BAT working on potential COVID-19 vaccine through US bio-tech subsidiary
01 April 2020
Potential vaccine in development for COVID-19 using new, fast-growing tobacco plant technology – pre-clinical testing under way
Tobacco plants offer the potential for faster and safer vaccine development compared to conventional methods
Potential to manufacture 1-3 million doses of vaccine per week
BAT’s US bio-tech subsidiary, Kentucky BioProcessing (KBP), is developing a potential vaccine for COVID-19 and is now in pre-clinical testing. If testing goes well, BAT is hopeful that, with the right partners and support from government agencies, between 1 and 3 million doses of the vaccine could be manufactured per week, beginning in June.
While KBP remains a commercial operation, the intention is that its work around the COVID-19 vaccine project will be carried out on a not for profit basis.
The vaccine in development uses BAT’s proprietary, fast-growing tobacco plant technology which has several advantages over conventional vaccine production technology:
BAT’s US subsidiary, Reynolds American Inc, acquired KBP in 2014, with the aim of using some of its unique tobacco extraction technology to aid further development of its new category non-combustible products.
In 2014, KBP made headlines as one of the few companies with an effective treatment for Ebola, having manufactured ZMapp™ with California-based company Mapp BioPharmaceuticals in partnership with the U.S. Biomedical Advanced Research and Development Authority (BARDA).
KBP recently cloned a portion of COVID-19’s genetic sequence which led to the development of a potential antigen - a substance which induces an immune response in the body and in particular, the production of antibodies. This antigen was then inserted into tobacco plants for reproduction and, once the plants were harvested, the antigen was then purified, and is now undergoing pre-clinical testing.
BAT is now exploring partnerships with government agencies to bring its vaccine to clinical studies as soon as possible. Through collaborations with government and third-party manufacturers, BAT believes that between 1 and 3 million doses per week could be manufactured.
Dr David O’Reilly, Director of Scientific Research, BAT said: “We are engaged with the US Food and Drug Administration and are seeking guidance on next steps. We have also engaged with the UK’s Department for Health and Social Care, and BARDA in the US, to offer our support and access to our research with the aim of trying to expedite the development of a vaccine for COVID-19.
“Vaccine development is challenging and complex work, but we believe we have made a significant break-through with our tobacco plant technology platform and stand ready to work with Governments and all stakeholders to help win the war against COVID-19. We fully align with the United Nations plea, for a whole-of-society approach to combat global problems.
“KBP has been exploring alternative uses of the tobacco plant for some time. One such alternative use is the development of plant-based vaccines. We are committed to contributing to the global effort to halt the spread of COVID-19 using this technology.”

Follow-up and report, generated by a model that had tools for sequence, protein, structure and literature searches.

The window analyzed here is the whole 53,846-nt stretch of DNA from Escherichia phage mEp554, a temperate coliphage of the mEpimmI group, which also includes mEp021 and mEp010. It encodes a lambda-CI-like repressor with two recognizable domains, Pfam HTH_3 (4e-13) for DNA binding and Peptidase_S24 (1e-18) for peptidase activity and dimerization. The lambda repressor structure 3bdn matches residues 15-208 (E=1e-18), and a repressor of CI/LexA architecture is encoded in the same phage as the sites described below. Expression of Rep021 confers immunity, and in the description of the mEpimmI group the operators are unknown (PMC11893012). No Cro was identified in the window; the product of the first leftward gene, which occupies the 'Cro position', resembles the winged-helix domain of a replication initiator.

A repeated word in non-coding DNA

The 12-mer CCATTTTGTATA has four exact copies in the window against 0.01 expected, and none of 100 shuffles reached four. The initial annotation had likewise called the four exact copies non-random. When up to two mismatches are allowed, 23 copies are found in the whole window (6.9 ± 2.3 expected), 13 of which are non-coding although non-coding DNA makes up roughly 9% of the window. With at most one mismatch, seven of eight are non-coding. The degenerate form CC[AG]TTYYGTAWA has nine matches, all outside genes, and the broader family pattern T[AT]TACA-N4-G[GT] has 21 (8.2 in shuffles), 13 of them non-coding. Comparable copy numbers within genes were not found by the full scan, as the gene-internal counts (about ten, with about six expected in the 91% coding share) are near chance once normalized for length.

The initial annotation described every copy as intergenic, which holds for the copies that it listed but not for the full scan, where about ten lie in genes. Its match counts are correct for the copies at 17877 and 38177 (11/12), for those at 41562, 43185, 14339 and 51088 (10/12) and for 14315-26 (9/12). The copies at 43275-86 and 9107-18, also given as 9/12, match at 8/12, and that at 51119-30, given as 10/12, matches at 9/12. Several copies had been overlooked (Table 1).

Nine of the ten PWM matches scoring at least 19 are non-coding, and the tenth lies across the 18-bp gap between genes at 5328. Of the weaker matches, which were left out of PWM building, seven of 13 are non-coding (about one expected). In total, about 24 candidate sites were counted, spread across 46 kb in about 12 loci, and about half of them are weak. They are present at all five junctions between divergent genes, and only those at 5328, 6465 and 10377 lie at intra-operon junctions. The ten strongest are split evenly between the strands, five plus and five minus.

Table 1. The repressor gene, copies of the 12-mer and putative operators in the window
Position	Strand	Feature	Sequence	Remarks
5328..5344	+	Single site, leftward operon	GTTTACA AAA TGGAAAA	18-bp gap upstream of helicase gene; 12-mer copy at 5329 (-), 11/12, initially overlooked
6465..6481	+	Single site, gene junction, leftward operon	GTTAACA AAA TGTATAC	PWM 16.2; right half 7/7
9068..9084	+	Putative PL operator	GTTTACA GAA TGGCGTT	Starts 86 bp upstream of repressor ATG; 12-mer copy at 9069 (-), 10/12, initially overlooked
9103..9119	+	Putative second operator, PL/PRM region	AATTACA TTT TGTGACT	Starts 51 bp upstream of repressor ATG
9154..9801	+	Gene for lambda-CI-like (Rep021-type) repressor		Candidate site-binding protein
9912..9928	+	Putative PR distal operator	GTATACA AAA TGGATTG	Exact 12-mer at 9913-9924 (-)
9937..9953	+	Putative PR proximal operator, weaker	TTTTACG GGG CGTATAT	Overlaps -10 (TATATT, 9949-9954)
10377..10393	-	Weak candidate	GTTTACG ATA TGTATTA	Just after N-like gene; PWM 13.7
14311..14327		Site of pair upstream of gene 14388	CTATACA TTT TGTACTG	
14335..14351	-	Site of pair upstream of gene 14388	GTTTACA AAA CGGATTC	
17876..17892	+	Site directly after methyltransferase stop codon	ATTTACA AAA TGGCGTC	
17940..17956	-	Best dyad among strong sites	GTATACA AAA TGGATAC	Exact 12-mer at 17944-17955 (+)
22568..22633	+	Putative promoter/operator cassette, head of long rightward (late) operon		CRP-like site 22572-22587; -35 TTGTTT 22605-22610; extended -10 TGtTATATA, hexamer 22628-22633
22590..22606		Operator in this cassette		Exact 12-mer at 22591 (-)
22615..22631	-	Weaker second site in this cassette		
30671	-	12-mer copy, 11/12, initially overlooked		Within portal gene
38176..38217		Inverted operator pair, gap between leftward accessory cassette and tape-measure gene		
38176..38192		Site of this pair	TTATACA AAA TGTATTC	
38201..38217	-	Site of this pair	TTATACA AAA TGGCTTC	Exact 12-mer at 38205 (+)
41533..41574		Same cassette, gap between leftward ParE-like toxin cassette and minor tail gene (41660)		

Currently this is a potential vaccine candidate, not a vaccine or a cure, given this is early stages of the development process. BAT has unrivalled knowledge and expertise of tobacco and hopes its subsidiary KBP can contribute to the cause.
About BAT: BAT is a leading, multi-category consumer goods business, established in 1902. Our purpose is to build A Better Tomorrow by reducing the health impact of our business through offering a greater choice of enjoyable and less risky products for our consumers. Our ambition is to increasingly transition our revenues from cigarettes to non-combustible products over time.
About Kentucky Bioprocessing (KBP): BAT owned KBP is located in Owensboro, Ky., where it began operations in 2006. In January 2014, KBP was acquired by and became an independently operated, wholly-owned subsidiary of Reynolds American Inc. (RAI), owned by BAT. KBP continues to house its large, multilevel indoor plant-growth space, as well as its research and production laboratories, clean rooms and manufacturing operations in Owensboro.
KBP develops and executes processes to transform tobacco plants into “biomanufacturing factories” that efficiently produce complex proteins they would not otherwise produce. The company can grow, harvest and process as many as 3 million protein-producing tobacco plants in a production cycle that typically takes about six weeks – compared with many months using traditional biomanufacturing methods.
The company uses licensed and proprietary technologies to temporarily encode tobacco plants with the genetic instructions to produce specific target proteins. The plants are grown in an automated, climate-controlled environment that can be adjusted to optimize their production of a protein of interest.
References to ‘British American Tobacco’, ‘BAT’, ‘we’, ‘us’ and ‘our’ when denoting opinion refer to British American Tobacco p.l.c. (the Company, and together with its subsidiaries, the “Group”).
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